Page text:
I have wanted a tattoo for a while now. I practice yoga, and I skateboard. And yogis and skateboarders often sport tattoos. I just can’t seem to commit to a design. Inked Magazine recommends finding a tattoo that you connect with. Greatist suggests picking something that is "meaningful or beautiful, silly or fantastic."
Well, Capcom's Street Fighter 2 is a little of all those things to me. Yes, it's a little silly, but it's also fantastic. And the game is meaningful to me. As for the beauty, have you seen ChunLi?
So what makes Street Fighter 2 so special?
A. For one thing, I put serious time into the game.
There was no Konami code for it. If I wanted to win, I had to train. And that's what I did for countless hours. I drilled combos and counterattacks against the computer, against my friends, against opponents--sometimes switching off second rounds.
- The difference between switch hand and pump dragon punches
- How to block jumping attacks with moves like E. Honda's fierce punch
- How to use glitches like Guile's handcuffs (in the non-championship version only)
- How to start combos with neck kicks
B. I miss how life was when SF2 was released.
It was still the golden age of coin-op arcades. Every mall had one, and every arcade had an SF2 machine that was being played by someone like me. Competitors stood side-by-side. The person who wanted to play the next match placed their quarter on the bezel of the machine--a gesture sadly unfamiliar to the younger generation of gamers. And the winner stayed in.
Championship Edition--the version I love the most--came out in March 1992. This was a year after the release of the SNES and three years after the Genesis. Back then, no one seemed to care that the game was a little racist. As NPR pointed out, ethnic stereotypes were common in video games from the 80’s and 90’s.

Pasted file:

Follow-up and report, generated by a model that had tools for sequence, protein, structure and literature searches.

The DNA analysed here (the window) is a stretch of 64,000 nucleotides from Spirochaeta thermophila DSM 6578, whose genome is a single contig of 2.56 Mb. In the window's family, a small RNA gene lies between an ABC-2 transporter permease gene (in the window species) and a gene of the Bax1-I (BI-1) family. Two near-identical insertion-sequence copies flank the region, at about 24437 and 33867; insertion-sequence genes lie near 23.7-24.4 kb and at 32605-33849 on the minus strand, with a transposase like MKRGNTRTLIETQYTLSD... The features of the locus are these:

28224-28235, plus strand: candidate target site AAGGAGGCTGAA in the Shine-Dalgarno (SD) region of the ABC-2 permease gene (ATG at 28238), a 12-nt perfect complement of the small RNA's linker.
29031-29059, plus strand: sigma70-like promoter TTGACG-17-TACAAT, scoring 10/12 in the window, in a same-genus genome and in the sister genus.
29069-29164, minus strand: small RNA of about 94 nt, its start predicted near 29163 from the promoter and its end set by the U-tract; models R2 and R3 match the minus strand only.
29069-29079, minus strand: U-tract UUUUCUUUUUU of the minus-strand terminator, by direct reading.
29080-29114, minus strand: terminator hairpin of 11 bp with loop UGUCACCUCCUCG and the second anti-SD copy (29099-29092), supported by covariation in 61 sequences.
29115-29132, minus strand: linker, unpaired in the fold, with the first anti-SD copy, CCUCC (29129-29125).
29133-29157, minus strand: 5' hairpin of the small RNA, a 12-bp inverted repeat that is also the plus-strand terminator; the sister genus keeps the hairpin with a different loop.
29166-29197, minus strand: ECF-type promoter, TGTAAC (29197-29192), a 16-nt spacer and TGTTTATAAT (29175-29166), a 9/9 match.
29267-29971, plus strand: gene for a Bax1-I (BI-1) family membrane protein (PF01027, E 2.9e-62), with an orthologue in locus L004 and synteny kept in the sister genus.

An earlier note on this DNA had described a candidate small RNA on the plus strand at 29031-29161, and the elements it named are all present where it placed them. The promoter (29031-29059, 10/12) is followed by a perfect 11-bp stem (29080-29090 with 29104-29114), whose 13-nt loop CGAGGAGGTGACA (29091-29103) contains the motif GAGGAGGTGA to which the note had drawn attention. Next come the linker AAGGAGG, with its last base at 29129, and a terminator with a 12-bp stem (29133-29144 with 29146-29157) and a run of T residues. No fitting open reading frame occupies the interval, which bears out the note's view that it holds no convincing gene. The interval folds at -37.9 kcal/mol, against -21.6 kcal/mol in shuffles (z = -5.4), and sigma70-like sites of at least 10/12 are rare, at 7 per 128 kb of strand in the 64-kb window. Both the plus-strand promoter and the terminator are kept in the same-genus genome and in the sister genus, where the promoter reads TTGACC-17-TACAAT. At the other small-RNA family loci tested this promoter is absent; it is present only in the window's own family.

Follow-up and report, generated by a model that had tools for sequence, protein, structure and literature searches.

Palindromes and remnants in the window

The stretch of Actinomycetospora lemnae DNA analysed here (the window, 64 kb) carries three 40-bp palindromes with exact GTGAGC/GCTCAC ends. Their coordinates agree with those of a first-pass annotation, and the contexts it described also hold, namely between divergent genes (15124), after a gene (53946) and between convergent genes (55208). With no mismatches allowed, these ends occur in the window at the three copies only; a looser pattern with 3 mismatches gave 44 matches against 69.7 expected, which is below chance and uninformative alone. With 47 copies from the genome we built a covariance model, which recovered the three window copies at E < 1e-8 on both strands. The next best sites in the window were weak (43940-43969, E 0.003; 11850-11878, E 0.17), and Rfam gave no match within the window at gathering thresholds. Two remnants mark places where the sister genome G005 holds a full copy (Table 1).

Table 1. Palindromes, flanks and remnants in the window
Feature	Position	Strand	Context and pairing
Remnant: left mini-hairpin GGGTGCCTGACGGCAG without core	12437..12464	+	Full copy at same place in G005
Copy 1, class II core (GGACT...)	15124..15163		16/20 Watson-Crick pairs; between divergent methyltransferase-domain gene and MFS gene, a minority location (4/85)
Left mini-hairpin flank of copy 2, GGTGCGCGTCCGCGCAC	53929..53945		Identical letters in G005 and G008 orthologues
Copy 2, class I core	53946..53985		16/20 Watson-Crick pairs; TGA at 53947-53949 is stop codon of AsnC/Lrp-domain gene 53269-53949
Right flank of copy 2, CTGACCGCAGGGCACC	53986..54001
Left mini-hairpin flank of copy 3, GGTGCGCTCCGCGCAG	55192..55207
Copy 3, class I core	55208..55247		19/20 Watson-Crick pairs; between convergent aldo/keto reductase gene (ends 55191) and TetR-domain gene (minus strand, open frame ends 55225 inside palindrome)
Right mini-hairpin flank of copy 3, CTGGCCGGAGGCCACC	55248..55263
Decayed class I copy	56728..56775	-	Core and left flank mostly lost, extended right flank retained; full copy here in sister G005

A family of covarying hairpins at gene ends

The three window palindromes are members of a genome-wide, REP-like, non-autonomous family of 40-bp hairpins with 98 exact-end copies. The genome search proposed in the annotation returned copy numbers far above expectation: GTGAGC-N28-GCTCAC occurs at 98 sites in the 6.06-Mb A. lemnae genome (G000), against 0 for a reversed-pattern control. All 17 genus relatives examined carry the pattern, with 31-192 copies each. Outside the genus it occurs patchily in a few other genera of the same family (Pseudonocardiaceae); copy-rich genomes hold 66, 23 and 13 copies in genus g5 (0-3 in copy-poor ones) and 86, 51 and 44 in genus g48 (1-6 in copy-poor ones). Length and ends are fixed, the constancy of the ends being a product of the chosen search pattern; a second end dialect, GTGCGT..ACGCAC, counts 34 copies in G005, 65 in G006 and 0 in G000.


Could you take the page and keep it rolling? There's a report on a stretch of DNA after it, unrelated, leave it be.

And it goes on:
I was much younger then too. I couldn’t even drive yet. My life mostly revolved around hanging out with my friends, winning my matches, and protecting my two quarters—that’s what it cost to play. And I could stay on the machine for hours with just 50 cents if I played well. At no other time in my life have I so fiercely guarded two coins.
It would be 15 years before I would create my first machinima theater piece for the Brick Theater in Williamsburg, Brooklyn. It would be 15 years before I would have to worry about scheduling rehearsals, creating performances, and writing blog posts like this one. Coincidentally, it also would be 15 years before the iPhone would be released, changing the gaming landscape forever. And I miss how simple my life was back in those days.
Times sure have changed. People rarely play video games together standing side-by-side or even sitting in the same room. Online gaming has become the standard, with Xbox Live recently reaching 55 million monthly users. Local online multiplayer games are dying out, and the Wii U already is dead. And, much to my disappointment, even Halo got rid of its split-screen mode.
As for arcades, they’ve been pushed into the dark corners of suburban bowling alleys—at least, that’s where the last one I visited was. The Verge wrote a eulogy detailing the decline and death of the American arcade. All this makes me more than a little sad.
I have played some great games in the 25 years since SF2 came out. Among them, SF2 holds a special place in my heart, a place earned through sweat and tears paid in 50-cent increments.
A quick internet search shows that I'm not alone in my love for the game, and there are lots of SF2 tattoos out there already. Here’s one from Kotaku.
Now only one question remains. Which character should I get?